2022 Symposium Recordings

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2022 Oncology Nutrition Symposium Recordings

BMT Pre-Conference - Elevating Your Clinical Practice in Hematopoietic Cell Transplantation to the Next Level

This workshop, hosted by the ON DPG BMT subunit, features sessions on medical nutrition therapy specifically for HCT patients, enteral nutrition, and building your HCT program from diagnosis through survivorship.

CPEU: 3.5
CPE Level: 3
Performance Indicators: 3.1.1, 3.2.4, 4.2.3

Medical Nutrition Therapy for Hematology and Autologous Hematopoietic Cell Transplant Patients

Speaker:

Patty McDonnell, RD, CSO, FAND, CD
Seattle Cancer Care Alliance

Learning Objectives

  1. Analyze the CBC¸ within the context of the nutrition assessment to detect nutrient deficiencies and identify expected disease/treatment related trends.
  2. Interpret evidence based medical nutrition therapy specific to hematologic diseases and treatments to prioritize patient care and influence patient outcomes.
  3. Determine and outline medical nutrition therapy specific for autologous transplant patients.

Enteral Nutrition: Applying Research to Your Hematopoietic Cell Transplant Clinical Practice

Speaker:

Katie Harper, MS, RD, CNSC, CSO
University of Colorado Hospital

Learning Objectives

  1. State the indications for enteral nutrition in HSCT patients
  2. Identify enteral tube placement issues to consider prior to placement in HSCT
  3. Address enteral nutrition complications that occur in HSCT patients

Building Your Hematopoietic Cell Transplant Nutrition Program: Optimal time points for RD intervention from Diagnosis through Survivorship and Program Support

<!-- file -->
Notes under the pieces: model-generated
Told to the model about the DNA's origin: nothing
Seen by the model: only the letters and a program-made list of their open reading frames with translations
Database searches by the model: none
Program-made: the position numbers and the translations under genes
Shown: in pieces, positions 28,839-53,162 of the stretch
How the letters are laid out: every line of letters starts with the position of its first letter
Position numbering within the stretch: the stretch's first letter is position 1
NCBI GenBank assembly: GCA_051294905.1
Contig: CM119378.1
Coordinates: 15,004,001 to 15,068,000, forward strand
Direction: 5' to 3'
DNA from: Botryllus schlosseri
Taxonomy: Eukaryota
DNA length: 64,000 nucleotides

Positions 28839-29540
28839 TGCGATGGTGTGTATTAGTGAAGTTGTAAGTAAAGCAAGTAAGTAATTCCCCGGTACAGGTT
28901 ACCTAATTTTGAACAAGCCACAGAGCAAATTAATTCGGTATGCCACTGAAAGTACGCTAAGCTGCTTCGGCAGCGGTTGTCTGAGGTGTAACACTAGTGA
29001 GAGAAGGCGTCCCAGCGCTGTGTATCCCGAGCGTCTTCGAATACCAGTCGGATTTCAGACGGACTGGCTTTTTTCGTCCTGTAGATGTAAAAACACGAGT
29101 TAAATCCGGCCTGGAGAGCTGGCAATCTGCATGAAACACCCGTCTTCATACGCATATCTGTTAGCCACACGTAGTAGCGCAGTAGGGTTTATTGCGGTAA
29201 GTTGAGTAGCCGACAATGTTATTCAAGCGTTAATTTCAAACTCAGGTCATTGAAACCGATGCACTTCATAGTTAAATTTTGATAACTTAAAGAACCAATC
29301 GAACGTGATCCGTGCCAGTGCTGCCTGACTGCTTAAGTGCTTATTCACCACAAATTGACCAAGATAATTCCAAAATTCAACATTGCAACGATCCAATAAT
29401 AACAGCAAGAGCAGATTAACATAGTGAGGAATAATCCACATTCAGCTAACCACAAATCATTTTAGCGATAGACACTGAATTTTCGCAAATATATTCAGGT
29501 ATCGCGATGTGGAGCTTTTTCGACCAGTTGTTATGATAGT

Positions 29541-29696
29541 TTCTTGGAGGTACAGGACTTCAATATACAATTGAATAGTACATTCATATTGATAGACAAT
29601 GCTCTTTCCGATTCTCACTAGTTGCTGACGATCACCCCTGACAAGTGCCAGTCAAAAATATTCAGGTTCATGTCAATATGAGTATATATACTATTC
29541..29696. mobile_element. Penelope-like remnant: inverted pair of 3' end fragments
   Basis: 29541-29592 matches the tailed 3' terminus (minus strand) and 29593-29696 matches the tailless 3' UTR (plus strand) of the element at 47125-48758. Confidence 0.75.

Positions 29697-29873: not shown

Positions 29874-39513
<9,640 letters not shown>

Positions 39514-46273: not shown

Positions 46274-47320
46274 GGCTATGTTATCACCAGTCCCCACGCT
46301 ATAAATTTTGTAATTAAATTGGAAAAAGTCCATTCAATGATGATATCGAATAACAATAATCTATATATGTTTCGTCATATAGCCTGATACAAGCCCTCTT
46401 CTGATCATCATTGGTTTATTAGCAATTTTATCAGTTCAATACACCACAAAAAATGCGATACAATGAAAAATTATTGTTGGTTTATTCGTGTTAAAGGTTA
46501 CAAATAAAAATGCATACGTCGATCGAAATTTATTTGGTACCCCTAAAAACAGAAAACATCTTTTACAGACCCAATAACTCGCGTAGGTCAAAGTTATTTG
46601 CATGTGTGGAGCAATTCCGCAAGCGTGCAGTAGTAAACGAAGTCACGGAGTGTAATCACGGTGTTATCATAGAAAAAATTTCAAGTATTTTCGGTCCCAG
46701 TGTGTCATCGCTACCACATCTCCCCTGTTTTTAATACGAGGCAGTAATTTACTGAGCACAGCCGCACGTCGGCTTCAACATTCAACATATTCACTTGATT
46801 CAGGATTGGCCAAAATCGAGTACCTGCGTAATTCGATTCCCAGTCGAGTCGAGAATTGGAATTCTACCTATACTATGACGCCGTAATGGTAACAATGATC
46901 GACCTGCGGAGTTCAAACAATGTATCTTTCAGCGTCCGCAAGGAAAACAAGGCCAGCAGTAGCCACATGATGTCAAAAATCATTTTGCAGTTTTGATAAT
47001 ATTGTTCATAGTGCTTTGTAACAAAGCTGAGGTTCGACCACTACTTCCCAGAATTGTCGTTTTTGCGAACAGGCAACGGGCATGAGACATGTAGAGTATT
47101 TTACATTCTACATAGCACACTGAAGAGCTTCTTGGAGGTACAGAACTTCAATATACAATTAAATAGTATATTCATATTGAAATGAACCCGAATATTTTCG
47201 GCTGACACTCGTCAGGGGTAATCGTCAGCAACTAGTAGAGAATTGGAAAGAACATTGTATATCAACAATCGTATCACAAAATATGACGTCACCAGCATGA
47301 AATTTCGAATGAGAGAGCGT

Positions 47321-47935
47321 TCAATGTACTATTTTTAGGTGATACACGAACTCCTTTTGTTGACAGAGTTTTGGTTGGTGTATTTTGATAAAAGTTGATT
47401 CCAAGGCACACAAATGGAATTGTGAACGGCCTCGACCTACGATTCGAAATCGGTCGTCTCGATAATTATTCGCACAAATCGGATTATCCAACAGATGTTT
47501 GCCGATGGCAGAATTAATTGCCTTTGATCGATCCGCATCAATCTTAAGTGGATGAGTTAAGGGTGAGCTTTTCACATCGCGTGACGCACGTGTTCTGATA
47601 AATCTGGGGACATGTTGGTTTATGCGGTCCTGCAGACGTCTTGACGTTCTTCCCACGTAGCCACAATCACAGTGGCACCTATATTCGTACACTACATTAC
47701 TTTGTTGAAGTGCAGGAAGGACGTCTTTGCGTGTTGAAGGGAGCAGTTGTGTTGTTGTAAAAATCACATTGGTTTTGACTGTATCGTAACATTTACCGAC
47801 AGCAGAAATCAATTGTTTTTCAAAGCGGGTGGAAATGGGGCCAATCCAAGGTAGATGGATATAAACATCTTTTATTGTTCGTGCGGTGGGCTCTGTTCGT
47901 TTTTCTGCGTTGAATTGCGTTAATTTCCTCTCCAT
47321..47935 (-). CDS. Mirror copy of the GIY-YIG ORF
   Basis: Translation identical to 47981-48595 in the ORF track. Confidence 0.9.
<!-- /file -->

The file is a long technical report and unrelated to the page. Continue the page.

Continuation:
Speaker:

Kerry McMillen, MS, RD, CSO, FAND
Seattle Cancer Care Alliance

Learning Objectives

  1. List optimal time points in the HCT process for dedicated RDN assessment.
  2. Describe evidence-based diet guidelines for the HCT population and identify methods for patient, caregiver and hospital staff education.
  3. Describe appropriate metrics and acuity measures to justify RDN staffing and program growth.

Expert Panel Q&A

Speakers:

Katie Harper, MS, RD, CNSC, CSO
University of Colorado Hospital

Patty McDonnell, RD, CSO, FAND, CD
Seattle Cancer Care Alliance

Kerry McMillen, MS, RD, CSO, FAND
Seattle Cancer Care Alliance


Advances and Trends in Oncology Nutrition - Palliative Care, Cooking Demonstrations, Weight Bias and Clinician Burnout

Come learn about cutting edge oncology nutrition from the leading experts in the field. This bundle of sessions is focused on Palliative Care, Cooking Demonstrations, Weight Bias and Clinician Burnout.

Won’t he starve? A Framework for Discussing Artificial Hydration and Nutrition with Patients who have Terminal Cancer